new (to me) theorist

I found a new name today and really like her take on discourse markers:

Deborah Schiffrin on discourse markers (somewhat paraphrased from The Handbook of Discourse Analysis):

  • Discourse as not only a unit of language, but as a process of social interaction
  • Discourse markers as sequentially dependent elements that bracket units of talk, i.e. nonobligatory utterance – initial items that function in relation to ongoing talk and text
  • a set of linguistic expressions such as conjunctions, interjections, adverb and lexicalized phrases.
  • A discourse model with different planes: participation framework, information state, ideational structure, action structure, and exchange structure
  • can work across 1 or several
  • markers have both global and local functions

this little bit in The Handbook has intrigued me, not least the bits about working on several planes and the global and local functions, and I would like to get my hands on more of her work.

reaching out

i really admire the amount that my university reaches out to students in Umeå. there are different days all through the year when students are invited in to listen or experience or experiment. this friday is one such day and i have the honor of representing the Department of Modern Languages to 4 groups of 12 and 13 year olds. we will begin by watching a movie (gotta love imovie) which shows what we are working on now, interesting projects combining the humanities and IT – world wide, and finishes by proposing future research in keeping with the theme of the students being the agents of future research, they will move through 5 stations: machimina, blogging, hypertexts, gaming, and a poetry project. very much looking forward to interacting with the students!

on the news about blogs tonight

Tonight (7:15 CET) i will be on svt (the local news) about whether or not i think blogs are a democratic form of media, and more specifically what i think about the Danielsson case. i am not sure if i will just talk, or answer questions but after reading the first blog post and from what i previously believe about blogging vs. journalism this is the jist of what i would like to say:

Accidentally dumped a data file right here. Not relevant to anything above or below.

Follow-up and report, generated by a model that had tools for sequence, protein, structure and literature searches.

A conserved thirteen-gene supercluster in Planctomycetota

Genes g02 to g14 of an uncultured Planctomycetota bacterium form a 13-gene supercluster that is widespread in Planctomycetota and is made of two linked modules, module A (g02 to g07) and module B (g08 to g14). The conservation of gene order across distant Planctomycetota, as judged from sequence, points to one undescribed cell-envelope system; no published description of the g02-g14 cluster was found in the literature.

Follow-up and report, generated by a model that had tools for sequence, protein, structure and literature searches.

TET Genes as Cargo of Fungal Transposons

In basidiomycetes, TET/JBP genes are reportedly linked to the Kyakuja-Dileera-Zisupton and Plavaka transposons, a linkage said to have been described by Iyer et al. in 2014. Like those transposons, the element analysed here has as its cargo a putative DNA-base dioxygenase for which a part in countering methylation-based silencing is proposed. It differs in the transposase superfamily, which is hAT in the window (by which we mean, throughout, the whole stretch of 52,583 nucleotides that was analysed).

• Blogging is NOT journalism (all bloggers sigh once again, the old debate is back)

Blogging and journalism play by different rules. While they do have some things in common, they also have different goals and guidelines. Yes, they both publish. And yes, they both potentially reach thousands, even millions of people. However, journalists have an ethical obligation to give an unbiased version of events. Blogs, on the other hand, are anything but unbiased. Blogs are written by people who have a *strong* interest in what they are writing about. A bloggers passion about his or her topic is what keeps him blogging year after year. The blogger becomes a self-proclaimed expert in his chosen topic. And while bloggers do not need to worry about being objective, they also do not receive the same benefits of the journalist. For example, in the Danielsson case, Ingerö alludes to varies sources for the rumor he writes. Under Swedish law, if he were a journalist, he would be able to keep the identity of those sources private. If he were to be sued for deformation of character as a blogger, however, I believe that he would have to reveal those sources. Blogging is not journalism it is publishing with a purpose.

  • Blogging ethics and identity